Karen and I went shopping for a new coffeemaker. We’ve tried several models now but have not been very happy with their functioning and maintenance requirements. We have determined that we need a coffeemaker with a removable basket to facilitate loading the coffee and cleaning before the next use. Unfortunately, like other electronic appliances, shopping for a coffeemaker that is accessible and usable by a blind person is becoming more and more difficult.
Most coffeemakers on the market today incorporate advanced features such as a programmable timer that enables brewing to begin at a specific time each day. This programmability is provided by way of a digital display and sometimes also by flat buttons. Blind people can’t physically see in order to read the digital display and flat buttons provide no tactile controls we can use to operate the machine. In most cases, not only are we unable to take advantage of the product’s programmability, but we are also unable to use the product due to its inaccessible controls.
Currently, some nonprogrammable coffeemakers still exist. We just ordered the model AR10 manufactured by Mr. Coffee. It is simple to operate and features a removable basket. So, for the moment, our coffeemaker issue is resolved. Sadly, there remains a critical two part question in our minds. For how much longer will we be able to find a nonprogrammable coffeemaker, and will we ever see programmable coffeemakers that are accessible?
Jim McCarthy covers the issue of accessibility to home appliances in a December 2004 article entitled Nonvisual Access to Home Appliances in Voice of the Nation’s Blind, an online magazine published by the National Federation of the Blind. He points out that, in many cases, only the cheapest, lowest quality home appliances remain accessible and simple to operate. While appliances with fancy digital displays were once expensive, luxury items, they are now in the mainstream. Unfortunately, Mr. McCarthy goes on to talk about a dialogue between the blind and the home appliance industry to facilitate their working with us to creatively solve these accessibility issues. My personal experiences and those of many other blind people I know just don’t bode well for such a dialogue to take place and, even if it does, it probably won’t result in more accessible appliances.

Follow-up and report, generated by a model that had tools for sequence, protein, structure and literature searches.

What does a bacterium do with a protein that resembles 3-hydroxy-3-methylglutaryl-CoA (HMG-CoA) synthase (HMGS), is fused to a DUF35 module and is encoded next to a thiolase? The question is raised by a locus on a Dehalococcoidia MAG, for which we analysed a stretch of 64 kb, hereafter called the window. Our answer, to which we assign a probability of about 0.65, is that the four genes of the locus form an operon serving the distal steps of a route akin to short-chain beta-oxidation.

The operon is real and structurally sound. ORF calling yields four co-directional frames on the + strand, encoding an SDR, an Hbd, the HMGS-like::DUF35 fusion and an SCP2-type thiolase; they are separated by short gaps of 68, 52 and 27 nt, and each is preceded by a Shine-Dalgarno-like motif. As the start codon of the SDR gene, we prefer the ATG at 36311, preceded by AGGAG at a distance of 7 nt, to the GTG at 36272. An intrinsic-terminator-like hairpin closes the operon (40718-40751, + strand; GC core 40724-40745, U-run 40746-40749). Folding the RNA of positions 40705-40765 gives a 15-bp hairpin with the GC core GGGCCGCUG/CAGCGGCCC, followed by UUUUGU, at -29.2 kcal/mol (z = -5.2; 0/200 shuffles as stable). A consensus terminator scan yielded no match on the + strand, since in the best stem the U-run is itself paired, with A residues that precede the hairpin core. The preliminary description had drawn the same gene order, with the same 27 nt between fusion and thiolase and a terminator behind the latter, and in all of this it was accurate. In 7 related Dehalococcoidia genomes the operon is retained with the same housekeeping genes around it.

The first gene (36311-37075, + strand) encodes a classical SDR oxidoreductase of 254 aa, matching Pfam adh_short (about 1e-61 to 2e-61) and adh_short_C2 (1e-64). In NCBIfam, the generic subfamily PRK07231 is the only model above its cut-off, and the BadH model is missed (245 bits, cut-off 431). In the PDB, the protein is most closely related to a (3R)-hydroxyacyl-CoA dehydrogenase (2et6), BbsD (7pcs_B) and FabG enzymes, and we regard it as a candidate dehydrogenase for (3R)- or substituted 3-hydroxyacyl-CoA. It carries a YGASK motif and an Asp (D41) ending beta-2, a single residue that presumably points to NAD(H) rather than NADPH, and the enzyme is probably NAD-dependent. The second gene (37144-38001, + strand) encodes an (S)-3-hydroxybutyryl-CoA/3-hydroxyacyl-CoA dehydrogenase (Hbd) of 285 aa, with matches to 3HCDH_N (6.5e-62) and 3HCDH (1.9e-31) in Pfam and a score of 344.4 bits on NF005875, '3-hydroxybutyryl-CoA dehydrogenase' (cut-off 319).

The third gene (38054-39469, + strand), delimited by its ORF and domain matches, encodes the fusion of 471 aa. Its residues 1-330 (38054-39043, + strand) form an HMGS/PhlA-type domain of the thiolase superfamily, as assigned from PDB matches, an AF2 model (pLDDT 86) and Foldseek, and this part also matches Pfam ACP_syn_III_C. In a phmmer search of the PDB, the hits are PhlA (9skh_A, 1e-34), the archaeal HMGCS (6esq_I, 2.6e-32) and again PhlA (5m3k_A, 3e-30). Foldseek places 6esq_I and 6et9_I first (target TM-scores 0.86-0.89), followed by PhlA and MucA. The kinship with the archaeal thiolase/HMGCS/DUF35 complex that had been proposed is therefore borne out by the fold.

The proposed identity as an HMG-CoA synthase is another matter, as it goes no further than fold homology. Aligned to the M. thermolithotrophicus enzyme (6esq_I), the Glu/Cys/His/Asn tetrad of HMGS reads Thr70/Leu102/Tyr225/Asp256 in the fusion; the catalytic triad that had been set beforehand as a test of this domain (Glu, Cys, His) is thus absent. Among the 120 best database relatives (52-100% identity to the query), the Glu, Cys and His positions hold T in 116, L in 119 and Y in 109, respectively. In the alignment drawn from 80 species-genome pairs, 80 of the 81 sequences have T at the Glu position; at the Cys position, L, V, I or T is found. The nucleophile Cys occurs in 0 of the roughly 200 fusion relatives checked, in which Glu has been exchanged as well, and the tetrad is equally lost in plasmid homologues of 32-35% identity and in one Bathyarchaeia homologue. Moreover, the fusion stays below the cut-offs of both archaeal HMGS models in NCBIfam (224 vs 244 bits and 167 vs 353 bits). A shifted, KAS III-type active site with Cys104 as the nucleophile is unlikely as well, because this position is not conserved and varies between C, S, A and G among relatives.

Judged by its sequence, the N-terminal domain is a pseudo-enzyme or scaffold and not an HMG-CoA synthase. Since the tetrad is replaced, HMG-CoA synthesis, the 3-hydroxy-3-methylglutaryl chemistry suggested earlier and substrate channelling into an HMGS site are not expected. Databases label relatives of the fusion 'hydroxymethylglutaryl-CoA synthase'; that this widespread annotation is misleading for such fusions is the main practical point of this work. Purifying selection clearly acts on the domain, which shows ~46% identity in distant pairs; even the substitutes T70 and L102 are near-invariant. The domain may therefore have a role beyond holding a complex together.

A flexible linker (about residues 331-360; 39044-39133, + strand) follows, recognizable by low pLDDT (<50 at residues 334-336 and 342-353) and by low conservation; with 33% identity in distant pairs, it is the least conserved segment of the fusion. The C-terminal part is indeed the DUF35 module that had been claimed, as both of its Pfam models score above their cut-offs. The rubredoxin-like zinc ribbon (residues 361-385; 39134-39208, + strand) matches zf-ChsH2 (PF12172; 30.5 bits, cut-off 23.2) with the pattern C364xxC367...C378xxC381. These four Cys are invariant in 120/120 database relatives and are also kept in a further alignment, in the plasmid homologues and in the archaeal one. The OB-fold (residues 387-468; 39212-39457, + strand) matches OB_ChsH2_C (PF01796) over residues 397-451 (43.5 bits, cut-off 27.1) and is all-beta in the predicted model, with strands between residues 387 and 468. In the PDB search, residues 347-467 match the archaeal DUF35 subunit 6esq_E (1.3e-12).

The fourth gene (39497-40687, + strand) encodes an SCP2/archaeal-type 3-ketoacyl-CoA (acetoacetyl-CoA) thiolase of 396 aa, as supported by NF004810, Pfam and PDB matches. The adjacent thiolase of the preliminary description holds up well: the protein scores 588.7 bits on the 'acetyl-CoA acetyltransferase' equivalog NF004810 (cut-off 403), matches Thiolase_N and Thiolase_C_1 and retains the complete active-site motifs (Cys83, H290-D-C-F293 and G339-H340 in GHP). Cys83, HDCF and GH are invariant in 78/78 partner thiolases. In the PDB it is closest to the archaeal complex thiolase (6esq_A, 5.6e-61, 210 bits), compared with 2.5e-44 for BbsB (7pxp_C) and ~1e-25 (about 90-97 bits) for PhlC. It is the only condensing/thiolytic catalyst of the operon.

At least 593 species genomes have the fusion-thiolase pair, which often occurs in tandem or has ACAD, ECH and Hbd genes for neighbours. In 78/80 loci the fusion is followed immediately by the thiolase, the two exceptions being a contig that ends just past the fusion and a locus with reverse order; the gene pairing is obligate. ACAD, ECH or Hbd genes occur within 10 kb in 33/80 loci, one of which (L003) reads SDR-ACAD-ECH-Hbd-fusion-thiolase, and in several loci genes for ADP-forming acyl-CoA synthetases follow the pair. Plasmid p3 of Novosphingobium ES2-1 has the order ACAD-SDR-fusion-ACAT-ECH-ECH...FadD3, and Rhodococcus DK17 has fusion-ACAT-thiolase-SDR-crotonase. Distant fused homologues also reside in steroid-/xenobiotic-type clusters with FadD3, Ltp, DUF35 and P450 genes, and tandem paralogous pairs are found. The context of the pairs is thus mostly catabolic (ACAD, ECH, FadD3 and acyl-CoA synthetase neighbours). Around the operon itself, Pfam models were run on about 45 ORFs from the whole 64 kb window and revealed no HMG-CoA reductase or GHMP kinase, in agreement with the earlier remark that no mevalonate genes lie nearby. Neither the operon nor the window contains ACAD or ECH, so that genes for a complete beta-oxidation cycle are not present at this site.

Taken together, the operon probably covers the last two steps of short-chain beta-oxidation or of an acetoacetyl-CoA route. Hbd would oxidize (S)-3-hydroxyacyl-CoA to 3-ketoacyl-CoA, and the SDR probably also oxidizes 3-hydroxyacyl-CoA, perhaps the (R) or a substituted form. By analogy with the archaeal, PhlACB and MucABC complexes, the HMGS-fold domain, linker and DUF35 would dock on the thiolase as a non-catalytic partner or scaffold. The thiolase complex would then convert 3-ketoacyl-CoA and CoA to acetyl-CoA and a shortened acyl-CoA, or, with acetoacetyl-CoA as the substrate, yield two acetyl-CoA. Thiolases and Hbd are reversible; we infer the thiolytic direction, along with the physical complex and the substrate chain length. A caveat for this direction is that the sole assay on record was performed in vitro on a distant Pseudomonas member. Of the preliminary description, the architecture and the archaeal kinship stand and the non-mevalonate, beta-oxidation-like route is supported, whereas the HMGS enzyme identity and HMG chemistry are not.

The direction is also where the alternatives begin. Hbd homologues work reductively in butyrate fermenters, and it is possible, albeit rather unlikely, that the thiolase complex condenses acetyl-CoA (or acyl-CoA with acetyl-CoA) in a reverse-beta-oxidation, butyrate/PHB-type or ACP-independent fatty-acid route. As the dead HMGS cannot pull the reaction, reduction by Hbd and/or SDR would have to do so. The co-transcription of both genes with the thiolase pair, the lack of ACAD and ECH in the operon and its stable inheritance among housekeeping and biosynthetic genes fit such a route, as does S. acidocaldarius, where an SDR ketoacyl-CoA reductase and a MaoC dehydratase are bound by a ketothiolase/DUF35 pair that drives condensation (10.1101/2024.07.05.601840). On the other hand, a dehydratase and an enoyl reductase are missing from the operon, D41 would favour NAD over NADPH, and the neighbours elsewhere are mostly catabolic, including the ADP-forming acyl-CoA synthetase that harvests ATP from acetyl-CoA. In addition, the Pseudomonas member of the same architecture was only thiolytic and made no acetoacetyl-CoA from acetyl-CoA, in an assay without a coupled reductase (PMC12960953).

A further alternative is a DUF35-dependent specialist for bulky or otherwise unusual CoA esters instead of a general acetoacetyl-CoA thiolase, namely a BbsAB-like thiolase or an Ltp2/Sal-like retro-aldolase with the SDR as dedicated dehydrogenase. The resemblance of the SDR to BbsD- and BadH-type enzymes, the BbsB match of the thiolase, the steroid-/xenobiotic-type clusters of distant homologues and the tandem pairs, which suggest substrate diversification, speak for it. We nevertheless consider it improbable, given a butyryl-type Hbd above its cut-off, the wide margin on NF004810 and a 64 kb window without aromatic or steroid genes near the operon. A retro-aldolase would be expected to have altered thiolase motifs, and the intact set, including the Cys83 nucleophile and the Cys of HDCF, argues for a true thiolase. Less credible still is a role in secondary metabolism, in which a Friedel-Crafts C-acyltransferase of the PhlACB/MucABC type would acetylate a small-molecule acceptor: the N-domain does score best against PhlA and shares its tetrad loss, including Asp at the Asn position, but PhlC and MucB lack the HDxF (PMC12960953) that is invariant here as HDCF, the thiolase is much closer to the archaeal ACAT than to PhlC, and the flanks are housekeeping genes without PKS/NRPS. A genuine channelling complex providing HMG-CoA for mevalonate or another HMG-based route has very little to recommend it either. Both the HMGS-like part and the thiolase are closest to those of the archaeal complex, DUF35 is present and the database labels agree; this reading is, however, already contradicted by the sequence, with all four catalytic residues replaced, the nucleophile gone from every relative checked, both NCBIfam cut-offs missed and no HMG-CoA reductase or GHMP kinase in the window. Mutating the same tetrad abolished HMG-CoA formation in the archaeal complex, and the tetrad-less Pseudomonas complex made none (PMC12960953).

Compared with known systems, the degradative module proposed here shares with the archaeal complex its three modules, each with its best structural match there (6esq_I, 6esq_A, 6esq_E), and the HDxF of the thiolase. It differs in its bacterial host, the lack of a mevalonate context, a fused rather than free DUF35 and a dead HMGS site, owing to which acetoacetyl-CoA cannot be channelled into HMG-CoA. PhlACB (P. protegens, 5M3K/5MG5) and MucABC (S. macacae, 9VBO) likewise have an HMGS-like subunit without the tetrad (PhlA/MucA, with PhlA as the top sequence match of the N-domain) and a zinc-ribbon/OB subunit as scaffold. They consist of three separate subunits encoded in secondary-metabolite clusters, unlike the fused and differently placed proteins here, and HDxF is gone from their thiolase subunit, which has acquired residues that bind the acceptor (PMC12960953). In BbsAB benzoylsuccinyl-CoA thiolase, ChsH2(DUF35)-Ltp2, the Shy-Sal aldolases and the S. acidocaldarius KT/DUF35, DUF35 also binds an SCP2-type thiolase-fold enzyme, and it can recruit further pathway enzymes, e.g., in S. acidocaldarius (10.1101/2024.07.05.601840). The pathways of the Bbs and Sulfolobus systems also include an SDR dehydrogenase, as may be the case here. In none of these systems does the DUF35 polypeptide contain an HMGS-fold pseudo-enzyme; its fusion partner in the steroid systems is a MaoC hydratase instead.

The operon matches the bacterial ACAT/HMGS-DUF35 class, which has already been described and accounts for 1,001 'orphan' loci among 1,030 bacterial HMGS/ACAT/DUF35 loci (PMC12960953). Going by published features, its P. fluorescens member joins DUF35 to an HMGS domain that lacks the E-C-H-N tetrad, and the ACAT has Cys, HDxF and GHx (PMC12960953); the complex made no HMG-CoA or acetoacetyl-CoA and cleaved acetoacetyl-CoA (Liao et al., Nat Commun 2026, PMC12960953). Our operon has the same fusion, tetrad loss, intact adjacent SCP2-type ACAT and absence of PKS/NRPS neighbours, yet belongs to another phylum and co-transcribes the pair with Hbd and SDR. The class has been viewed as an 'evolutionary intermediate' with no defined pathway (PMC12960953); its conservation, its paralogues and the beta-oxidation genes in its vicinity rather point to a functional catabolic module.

As compared to sighted people, blind Americans represent a tiny portion of the population. We are reminded of this fact over and over whenever we ask for reasonable accomodations. Regardless of the form it takes or how the information is presented, we are told that we don’t count. Our low incidence population is constantly cited as a reason for allocating insufficient resources to deal with the issues of blindness. It is used to defend continued inaccessibility, lack of transportation options and all other reasons for not making accomodations necessary for our participation in society. This old argument will be trotted out again when the National Federation of the Blind tries to open a dialogue with the home appliance industry. Manufacturers will tell us that it is not cost effective to provide appliances that can be used by everyone, including those of us who happen to be blind. We’ll be told that sighted people are happy with the digital displays and flat controls. The sighted demand these features and they don’t need or want appliances that talk, use tones or do anything else that might make them more accessible to us. Making changes will negatively impact the bottom lines for these businesses. They are ultimately responsible to their shareholders. There is a dangerous, final conclusion to the use of this small market argument to justify continued lack of accessibility. Some say it is too radical to consider. I’ll save this for another time.
We must find ways to encourage or compel the home appliance industry and other companies to be more accessible. At this point, it seems our best hope is the growing population of the elderly, who will suffer a high incidence of health problems that will result in vision loss and even complete blindness. Most of these people will want to be able to go on living their lives as best they can. Their quality of life will become a greater mainstream concern. The executives of home appliance manufacturers and other companies should work with the blind community and others with disabilities to insure their products are universally accessible and usable to as many potential customers as possible.
Karen and I want to continue to be able to brew our coffee in the morning before running off to work. We don’t feel that is too much to ask. Some in the blind community tell us that, when something is inaccessible, we should just ask a sighted person for help. That doesn’t always work for many reasons which are too numerous to explain now. We live by ourselves. It is just the two of us. We don’t live with a sighted person. We don’t want to have to do that. That’s unacceptable. We want to be able to exercise the same independence and self-determination enjoyed by our sighted peers. There is simply going to be no sighted person around to help us brew coffee in the morning!
We simply can’t allow inaccessibility to stand unchallenged! What solutions are available to the manufacturers of home appliances and other electronics that provide the accessibility we require in a manner that is cost effective? We in the blind community should devise these solutions. We should then find ways to get electronics manufacturers to implement the solutions on a voluntary basis. Finally, if that doesn’t result in significant accessibility, we should find ways to compel business to simply do the right thing!